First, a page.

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Weekly published between 1921 and 1943. You can search by name, keyword, or date. Search retrieves headline; online access to the full article requires a subscription. However once you have the headline and the date you can also find the article in the microfilm version of the newspaper held by Newark Public Library.
Jeffrey Bennett. History of Temple B'nai Jeshurun, the Newark's first synagogue.
Generations and Reflections: A History of Congregation B'nai Jeshurun, Short Hills, New Jersey
Faith Joy Smith Dantowitz. The Congregation, 1998. Available?
It Happened at The Beth: Great Moments in the Life and Times of Newark Beth Israel Hospital
Jewish Historical Society MetroWest. 2005. DVD.
"Linda Forgosh, curator of the Jewish Historical Society of MetroWest, gives a speech about the history of the the founding of the Newark Beth Israel Hospital, and the effect its opening had on the neighboring Jewish community." Available?
Finding aid for New Jersey Historical Society collection. "Papers consist of letters Richer sent and received during his military service in World War I, and spans the years 1917-1919. The collection also includes various military documents pertinent to Richer’s service, as well as newspaper clippings and other memorabilia. Much of the material documents the experiences of a Jewish family in New Jersey during World War I. Elements of the collection are in Yiddish." A few of the documents are available at: http://sites.bergen.org/ourstory/Resources/ww1/sources/WWIDraft.pdf
"On The Side of Liquor": American Jews and the Politics of Alcohol, 1870-1936.
"This dissertation examines the Jewish experience in the American alcohol trade between 1870 and 1936, and considers the specific social, economic, and political issues brought to bear by Jewish involvement in an increasingly controversial sector of the American economy...Drawing on a wide range of archival, published, and genealogical sources, [maps] Jewish participation in local alcohol production and purveyance in Newark, New Jersey; Cincinnati, Ohio; Louisville, Kentucky; and Atlanta, Georgia." Available?
National Council of Jewish Women. Newark Section. Committee of Service for Foreign Born.
Documents the changing nature of the work of the Committee as a result of the influx of German Jewish immigrants between 1930 and 1936.
Nazis in Newark.
Warren Grover. New Brunswick, N.J. : Transaction Publishers, c2003.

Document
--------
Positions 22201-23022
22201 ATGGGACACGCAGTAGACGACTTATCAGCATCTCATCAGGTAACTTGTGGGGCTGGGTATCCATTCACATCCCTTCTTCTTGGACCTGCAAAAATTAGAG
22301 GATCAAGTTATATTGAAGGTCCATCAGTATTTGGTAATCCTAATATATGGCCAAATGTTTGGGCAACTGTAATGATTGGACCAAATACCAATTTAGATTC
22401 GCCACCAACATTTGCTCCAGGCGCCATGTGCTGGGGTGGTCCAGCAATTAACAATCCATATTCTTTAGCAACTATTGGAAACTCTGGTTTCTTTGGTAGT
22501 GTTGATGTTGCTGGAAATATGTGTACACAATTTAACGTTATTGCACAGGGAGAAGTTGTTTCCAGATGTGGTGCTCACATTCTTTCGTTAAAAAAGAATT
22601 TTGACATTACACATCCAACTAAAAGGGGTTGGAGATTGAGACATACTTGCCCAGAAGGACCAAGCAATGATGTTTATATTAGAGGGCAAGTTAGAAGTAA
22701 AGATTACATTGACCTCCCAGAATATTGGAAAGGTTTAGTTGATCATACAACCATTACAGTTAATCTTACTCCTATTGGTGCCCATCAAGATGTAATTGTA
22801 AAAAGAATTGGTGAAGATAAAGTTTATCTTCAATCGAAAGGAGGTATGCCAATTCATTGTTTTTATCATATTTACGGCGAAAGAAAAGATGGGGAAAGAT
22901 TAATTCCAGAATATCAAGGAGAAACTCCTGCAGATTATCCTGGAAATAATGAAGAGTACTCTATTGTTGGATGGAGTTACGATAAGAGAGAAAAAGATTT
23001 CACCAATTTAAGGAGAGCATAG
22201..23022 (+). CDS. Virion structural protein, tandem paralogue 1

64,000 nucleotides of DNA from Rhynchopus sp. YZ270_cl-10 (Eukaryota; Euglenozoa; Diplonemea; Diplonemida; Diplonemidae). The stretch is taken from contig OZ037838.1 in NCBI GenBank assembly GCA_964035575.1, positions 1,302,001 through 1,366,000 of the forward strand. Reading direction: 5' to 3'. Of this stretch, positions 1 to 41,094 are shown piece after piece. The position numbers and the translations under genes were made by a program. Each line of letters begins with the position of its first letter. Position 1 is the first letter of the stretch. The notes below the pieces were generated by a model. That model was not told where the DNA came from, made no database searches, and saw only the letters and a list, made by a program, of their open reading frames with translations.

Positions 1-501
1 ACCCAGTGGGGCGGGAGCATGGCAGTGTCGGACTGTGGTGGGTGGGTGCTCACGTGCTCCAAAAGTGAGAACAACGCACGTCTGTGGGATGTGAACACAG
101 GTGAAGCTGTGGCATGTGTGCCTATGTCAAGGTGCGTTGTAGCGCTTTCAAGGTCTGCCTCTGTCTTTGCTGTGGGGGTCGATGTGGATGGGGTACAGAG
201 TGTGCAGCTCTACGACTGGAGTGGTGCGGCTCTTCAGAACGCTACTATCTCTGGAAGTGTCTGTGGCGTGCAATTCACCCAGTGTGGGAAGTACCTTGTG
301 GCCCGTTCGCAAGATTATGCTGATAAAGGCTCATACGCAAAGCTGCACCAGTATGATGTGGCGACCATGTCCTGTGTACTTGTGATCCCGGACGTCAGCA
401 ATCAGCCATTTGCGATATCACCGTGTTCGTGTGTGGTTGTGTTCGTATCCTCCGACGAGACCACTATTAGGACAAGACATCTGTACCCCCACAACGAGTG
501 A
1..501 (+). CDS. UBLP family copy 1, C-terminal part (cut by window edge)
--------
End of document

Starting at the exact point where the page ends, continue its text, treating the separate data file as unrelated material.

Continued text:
The Minutemen, a group of boxers and bodyguards from Newark's Third Ward Gang, and the Non-Sectarian Anti-Nazi League, led by physician S. William Kalb, led the opposition to Nazi activities and recruitment efforts in Newark between 1933 and 1941. Available?
Jewish Community Organization in Newark and Essex County.
Council of Jewish Federations and Welfare Funds. New York, 1945.
Pt.1: The Jewish Population of Essex County. Pt.2: The Jewish Center Program of Essex County. Available?
Report of the Survey Committee on Jewish Education, Group Work, and Jewish Population.
Newark, Jewish Community Council of Essex County, 1948. 2 vols. Available?
"Ethnicity and Employment: The Early Years of the Jewish Vocational Service of Newark, 1939-52,"
Edward S. Shapiro. New Jersey History 106(1/2), 1988, 18-39. Available?
Marion L. Courtney. Trenton, New Jersey Department of Education, Division Against Discrimination, December 1956.
Survey of sixty-four retail stores in Newark, East Orange, Montclair, Bloomfield, Paterson, Passaic, Elizabeth, Plainfield, Trenton, Camden and Atlantic City. Focuses on minority, especially African-American, employment but also includes statistics on the employment of Jews and Italian-Americans.
An exhibition in the galleries of the Newark Public Library, April 24, 1995-July 3, 1995. With an historical essay on the Jewish Community in Newark by Ronald L. Becker. Newark, N.J. : Newark Public Library,  Available?
New Jersey Dreaming: Capital, Culture, and the Class of '58.
Sherry B. Ortner. Durham, N.C., Duke University Press, 2003.
In-depth look at Newark's Weequahic High School class of 1958. Available?
Roy Goldblatt. Philip Roth Studies 2(2), Fall 2006, 86-101
Analyzes "the change in the ethnoracial position of Philip Roth's Newark Jews, their shift from Other to in-between and later to white, and then describe the changes that occurred in the city itself, or how a Jewish ghetto that provided that safety and security to its community later became the destroyed dead place in which it is portrayed." Rutgers-restricted Access
My Networks in Newark: Women of Weequahic.
Jessica Horne. Capstone Paper for Jewish Studies. 2004. Available?